Since Miranda v. Arizona was decided in 1966, scholars have devoted much attention to both the theoretical underpinnings and the real world impact of that decision. Little attention, however, has been paid to the substance or content of the warnings. The Supreme Court has often stated that the Miranda warnings requirement is a prophylactic rule […]
Lingle v. Chevron U.S.A., Inc. exposed a deep flaw in regulatory takings doctrine. Lingle rejected the Agins holding that if a regulation does not “substantially advance a legitimate state interest,” it is a compensable taking. That formulation, Lingle said, was based on substantive due process precedents and is better suited to a due process, rather […]
Why the Defense of Marriage Act Is Not (Yet?) Unconstitutional: Lawrence, Full Faith and Credit, and the Many Societal Actors That Determine What the Constitution Requires
When Hawaii seemed poised to be the first state in the Union to permit same-sex marriage in the 1990s, Congress passed the Defense of Marriage Act (DOMA). DOMA provides that states need not recognize same-sex marriages (or judgments in connection with such marriages) performed in sister states. Though many scholars have argued that DOMA exceeded […]
Why ought we subject our will to authority? How is a person with authority justified in demanding that we subject our will? What does it mean to be a legitimate authority? This is the problem of authority that Professor Raz addressed many years ago under the title of the service conception of authority. The service […]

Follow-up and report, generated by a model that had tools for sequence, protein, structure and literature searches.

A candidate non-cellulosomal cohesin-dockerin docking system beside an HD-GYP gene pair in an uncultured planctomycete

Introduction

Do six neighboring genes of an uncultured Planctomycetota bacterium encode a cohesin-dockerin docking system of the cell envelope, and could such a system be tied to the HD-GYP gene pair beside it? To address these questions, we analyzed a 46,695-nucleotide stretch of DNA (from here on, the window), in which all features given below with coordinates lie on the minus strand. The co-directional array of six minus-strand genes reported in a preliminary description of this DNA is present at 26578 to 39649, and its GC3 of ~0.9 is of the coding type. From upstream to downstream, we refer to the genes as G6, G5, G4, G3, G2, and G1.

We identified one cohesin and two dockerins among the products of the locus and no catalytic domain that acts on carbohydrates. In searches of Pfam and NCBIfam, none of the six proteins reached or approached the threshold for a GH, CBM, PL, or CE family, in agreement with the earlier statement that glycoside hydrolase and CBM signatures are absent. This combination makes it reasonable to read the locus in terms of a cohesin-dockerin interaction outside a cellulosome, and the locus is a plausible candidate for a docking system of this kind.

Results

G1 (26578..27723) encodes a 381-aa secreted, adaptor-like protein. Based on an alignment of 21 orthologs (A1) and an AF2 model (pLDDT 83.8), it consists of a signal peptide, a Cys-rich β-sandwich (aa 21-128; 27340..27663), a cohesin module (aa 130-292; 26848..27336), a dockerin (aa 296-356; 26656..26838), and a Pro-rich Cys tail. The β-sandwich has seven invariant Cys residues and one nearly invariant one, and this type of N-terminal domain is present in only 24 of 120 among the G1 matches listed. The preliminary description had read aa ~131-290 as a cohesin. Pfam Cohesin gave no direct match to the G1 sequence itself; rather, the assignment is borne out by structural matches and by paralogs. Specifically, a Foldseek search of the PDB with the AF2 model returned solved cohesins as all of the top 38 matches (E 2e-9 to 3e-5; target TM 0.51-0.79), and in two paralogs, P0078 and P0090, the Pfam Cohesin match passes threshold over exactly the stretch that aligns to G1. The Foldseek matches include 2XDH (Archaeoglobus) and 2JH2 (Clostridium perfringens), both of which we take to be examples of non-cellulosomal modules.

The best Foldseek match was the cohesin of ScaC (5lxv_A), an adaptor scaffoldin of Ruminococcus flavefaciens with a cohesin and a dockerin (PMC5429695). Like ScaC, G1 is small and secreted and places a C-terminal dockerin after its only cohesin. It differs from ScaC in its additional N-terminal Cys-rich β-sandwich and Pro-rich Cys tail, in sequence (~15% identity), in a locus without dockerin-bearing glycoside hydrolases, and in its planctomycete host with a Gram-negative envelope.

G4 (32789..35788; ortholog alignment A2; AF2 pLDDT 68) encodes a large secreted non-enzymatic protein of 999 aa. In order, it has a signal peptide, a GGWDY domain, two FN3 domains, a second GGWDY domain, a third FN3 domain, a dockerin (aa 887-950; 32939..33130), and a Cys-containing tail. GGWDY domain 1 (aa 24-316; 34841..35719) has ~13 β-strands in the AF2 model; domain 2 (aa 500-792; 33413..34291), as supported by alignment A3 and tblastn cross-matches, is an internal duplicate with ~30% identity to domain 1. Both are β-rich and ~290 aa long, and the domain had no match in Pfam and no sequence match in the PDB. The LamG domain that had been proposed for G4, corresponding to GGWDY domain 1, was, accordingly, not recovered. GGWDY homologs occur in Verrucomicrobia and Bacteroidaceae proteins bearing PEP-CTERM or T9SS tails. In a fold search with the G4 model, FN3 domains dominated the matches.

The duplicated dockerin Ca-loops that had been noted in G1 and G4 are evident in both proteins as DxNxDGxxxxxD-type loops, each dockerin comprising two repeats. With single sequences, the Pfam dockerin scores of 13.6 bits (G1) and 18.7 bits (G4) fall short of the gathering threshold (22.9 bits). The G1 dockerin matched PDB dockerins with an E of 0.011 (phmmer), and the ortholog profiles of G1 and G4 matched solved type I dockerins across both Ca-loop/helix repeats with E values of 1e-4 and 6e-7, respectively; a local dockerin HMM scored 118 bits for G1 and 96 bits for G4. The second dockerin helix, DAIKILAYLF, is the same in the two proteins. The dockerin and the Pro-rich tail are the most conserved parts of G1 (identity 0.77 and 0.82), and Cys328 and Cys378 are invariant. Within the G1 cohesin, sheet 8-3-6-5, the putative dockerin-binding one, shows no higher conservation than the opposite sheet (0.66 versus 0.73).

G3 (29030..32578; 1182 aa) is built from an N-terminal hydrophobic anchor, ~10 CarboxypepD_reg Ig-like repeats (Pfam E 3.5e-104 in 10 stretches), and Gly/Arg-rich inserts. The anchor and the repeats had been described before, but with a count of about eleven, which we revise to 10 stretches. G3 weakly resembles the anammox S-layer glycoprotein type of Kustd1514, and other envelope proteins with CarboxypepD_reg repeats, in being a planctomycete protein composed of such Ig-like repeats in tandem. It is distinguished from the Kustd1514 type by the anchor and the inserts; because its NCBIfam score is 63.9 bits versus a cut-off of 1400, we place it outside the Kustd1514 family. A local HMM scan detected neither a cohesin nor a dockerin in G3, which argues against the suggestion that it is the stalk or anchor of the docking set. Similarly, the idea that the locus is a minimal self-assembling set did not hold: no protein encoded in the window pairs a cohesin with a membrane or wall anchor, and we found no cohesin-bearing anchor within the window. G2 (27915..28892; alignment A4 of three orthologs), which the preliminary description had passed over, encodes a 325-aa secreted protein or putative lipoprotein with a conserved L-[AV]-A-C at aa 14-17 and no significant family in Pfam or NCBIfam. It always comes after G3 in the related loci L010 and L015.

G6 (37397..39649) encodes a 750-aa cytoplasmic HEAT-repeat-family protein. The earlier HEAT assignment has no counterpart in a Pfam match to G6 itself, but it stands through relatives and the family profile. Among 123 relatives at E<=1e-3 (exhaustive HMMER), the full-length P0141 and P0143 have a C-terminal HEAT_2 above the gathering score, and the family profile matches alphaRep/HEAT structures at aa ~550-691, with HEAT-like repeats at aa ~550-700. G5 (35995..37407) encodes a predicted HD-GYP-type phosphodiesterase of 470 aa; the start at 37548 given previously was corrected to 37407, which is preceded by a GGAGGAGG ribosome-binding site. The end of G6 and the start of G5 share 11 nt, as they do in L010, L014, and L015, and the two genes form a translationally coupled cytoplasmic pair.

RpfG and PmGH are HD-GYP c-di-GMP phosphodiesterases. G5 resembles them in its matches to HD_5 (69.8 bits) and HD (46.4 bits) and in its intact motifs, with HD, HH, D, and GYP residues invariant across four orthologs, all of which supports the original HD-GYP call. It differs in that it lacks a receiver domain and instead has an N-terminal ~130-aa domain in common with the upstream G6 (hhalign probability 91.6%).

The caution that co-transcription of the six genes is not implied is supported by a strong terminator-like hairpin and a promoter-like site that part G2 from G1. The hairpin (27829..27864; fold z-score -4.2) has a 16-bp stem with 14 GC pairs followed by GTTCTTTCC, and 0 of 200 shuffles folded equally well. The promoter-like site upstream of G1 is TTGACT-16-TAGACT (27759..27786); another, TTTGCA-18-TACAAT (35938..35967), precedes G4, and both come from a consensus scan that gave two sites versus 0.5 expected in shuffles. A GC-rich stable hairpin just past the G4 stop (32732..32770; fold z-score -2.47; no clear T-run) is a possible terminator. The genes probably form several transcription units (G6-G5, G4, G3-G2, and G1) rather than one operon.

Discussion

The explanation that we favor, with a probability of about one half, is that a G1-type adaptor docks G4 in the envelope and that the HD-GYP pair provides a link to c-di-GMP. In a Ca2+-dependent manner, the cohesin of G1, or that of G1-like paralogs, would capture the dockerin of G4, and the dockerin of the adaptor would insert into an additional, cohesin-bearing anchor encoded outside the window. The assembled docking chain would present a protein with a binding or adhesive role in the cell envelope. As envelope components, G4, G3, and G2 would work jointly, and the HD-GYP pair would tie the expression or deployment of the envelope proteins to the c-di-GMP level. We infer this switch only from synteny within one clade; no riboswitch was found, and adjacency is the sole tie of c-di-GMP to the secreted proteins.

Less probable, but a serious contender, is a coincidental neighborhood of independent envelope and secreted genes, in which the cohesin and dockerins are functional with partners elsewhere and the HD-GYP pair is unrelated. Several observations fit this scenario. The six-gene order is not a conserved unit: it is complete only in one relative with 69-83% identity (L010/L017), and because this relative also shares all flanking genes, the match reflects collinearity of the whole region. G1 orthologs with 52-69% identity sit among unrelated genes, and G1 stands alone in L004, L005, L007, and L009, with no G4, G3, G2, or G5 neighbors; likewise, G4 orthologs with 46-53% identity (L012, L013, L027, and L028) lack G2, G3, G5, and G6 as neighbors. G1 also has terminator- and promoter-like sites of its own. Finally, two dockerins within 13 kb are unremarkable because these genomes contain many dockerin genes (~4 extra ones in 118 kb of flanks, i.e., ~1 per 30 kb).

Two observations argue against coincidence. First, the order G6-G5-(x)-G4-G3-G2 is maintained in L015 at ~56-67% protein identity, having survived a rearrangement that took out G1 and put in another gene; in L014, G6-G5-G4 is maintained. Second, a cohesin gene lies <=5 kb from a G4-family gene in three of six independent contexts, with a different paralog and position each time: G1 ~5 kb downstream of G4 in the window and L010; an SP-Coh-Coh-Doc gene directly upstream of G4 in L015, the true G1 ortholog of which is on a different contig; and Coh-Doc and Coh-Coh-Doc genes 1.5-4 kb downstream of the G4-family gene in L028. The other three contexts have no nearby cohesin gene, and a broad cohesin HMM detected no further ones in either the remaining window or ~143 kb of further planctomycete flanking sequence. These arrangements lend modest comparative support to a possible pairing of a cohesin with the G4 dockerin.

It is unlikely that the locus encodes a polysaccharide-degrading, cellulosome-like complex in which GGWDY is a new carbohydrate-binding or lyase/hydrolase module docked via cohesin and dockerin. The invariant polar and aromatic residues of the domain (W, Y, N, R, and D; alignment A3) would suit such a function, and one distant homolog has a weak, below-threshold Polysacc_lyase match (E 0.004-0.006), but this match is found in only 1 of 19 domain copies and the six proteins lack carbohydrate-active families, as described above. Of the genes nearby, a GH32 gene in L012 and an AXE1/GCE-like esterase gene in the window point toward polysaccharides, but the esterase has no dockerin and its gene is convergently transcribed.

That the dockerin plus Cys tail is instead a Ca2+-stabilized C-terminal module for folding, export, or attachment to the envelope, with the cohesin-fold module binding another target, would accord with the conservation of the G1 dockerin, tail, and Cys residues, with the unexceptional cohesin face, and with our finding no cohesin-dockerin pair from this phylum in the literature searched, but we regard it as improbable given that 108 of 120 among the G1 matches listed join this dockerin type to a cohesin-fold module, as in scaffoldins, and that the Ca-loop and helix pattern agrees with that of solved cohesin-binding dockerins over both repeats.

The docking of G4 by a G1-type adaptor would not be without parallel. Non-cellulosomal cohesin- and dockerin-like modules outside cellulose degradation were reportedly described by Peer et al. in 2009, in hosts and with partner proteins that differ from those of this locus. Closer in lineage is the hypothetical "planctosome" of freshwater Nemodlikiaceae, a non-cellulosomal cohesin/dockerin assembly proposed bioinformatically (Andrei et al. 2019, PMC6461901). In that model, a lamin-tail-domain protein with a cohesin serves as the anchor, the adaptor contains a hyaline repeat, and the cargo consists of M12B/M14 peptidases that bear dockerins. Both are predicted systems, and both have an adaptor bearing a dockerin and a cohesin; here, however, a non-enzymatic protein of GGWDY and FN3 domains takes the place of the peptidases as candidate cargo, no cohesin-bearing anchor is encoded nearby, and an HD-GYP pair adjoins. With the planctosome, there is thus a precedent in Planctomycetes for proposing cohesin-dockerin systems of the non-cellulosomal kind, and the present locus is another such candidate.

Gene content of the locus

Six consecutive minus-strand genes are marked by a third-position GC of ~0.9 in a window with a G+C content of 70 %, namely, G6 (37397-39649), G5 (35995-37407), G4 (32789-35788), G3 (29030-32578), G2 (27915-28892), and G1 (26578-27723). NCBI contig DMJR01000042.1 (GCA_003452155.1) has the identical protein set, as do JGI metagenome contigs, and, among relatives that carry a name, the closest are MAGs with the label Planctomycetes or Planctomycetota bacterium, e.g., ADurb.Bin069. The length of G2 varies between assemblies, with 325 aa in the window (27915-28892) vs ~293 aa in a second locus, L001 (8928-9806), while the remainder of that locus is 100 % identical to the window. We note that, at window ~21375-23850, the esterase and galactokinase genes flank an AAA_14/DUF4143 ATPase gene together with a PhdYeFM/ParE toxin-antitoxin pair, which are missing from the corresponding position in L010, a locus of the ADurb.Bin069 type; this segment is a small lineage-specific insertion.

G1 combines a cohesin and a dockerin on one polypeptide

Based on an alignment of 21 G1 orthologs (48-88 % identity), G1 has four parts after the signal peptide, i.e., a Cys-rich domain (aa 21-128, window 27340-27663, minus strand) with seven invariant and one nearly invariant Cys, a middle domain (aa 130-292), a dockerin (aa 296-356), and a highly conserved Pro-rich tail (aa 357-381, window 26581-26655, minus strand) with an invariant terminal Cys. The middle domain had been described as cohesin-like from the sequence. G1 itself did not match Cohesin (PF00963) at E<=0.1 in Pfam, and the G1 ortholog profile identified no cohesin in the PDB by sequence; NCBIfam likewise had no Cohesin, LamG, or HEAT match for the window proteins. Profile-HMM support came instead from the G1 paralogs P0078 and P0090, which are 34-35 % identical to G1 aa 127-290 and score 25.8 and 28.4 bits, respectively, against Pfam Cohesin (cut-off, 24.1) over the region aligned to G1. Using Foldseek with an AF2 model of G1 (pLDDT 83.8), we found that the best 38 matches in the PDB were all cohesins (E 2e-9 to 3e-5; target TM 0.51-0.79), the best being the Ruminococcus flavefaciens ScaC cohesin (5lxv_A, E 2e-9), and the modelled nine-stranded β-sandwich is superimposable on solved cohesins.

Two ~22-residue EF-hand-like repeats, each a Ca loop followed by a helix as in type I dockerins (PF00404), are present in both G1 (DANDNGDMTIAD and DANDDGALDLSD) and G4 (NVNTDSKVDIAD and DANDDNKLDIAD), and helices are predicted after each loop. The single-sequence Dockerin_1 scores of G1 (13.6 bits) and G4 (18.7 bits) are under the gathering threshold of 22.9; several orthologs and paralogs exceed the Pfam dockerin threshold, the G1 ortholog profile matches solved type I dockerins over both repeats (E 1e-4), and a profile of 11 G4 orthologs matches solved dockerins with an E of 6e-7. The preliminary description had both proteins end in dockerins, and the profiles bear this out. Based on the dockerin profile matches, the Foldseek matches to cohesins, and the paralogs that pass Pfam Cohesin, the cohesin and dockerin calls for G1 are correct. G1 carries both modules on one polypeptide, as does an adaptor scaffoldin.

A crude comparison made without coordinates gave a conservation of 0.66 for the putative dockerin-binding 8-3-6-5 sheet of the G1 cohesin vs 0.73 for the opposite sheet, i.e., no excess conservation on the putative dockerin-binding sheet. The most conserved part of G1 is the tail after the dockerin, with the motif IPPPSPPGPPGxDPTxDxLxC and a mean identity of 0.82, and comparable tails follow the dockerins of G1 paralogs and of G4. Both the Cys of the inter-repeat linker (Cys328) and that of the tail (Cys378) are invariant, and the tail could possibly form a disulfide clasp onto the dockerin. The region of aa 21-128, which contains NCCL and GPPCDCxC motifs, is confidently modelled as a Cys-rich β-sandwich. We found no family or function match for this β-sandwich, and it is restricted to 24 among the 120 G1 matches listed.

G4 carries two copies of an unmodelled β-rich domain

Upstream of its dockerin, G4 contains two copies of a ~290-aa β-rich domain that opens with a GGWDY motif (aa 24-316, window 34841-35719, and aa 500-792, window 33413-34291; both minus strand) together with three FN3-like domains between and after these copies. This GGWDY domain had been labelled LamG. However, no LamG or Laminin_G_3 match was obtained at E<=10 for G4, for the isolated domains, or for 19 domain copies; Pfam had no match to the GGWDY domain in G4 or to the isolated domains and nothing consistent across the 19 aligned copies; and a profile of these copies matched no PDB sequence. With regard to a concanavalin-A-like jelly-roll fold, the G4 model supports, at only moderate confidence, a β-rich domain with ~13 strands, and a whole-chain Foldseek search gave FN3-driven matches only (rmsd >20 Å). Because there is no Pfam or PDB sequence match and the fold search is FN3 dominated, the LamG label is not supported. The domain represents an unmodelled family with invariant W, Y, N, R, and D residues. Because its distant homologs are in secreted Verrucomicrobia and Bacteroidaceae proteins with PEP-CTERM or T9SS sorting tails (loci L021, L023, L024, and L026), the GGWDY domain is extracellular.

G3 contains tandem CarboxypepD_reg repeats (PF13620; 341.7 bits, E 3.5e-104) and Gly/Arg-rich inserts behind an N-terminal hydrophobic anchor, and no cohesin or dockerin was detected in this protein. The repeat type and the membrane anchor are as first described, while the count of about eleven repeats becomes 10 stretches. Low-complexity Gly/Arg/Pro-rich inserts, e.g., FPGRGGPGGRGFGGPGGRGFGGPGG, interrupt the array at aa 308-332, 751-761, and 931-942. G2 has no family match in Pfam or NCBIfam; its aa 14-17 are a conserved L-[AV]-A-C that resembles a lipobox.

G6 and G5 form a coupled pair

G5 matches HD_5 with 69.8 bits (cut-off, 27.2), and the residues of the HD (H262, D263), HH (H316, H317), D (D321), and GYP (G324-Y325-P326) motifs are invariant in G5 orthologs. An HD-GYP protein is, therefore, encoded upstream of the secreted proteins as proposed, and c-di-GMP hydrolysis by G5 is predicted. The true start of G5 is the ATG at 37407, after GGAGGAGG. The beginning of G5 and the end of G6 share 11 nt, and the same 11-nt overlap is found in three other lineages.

Pharmacists with greater frequency are refusing to fill certain prescriptions on religious grounds. These employees contend that Title VII of the Civil Rights Act requires pharmacies to accommodate refusing pharmacists by allowing other pharmacists to fill objectionable prescriptions. Some employers embrace this view and accommodate refusing pharmacists by sending customers to other pharmacies to have […]
Note, Fruit of the Poison Tree: A First Amendment Analysis of the History and Character of Intelligent Design Education
Since the famous Scopes Trial in 1925, religious groups have struggled to introduce into public school science education a theory of human origin predicated on a supernatural creator. The latest theory to challenge evolution is Intelligent Design. Although this theory makes no explicit reference to religion or God, it propounds an unidentified supernatural agent who […]
- Note: Providing Clarity for Standard of Conduct for Directors Within Benefit Corporations: Requiring Priority of a Specific Public Benefit
- Note: Economic Protectionism and Occupational Licensing Reform
- The Luxembourg Effect: Patent Boxes and the Limits of International Cooperation
- The Geography of Equal Protection
- What Legal Authority Does the Fed Need During a Financial Crisis?
© 2011-2016 Minnesota Law Review. All Rights Reserved.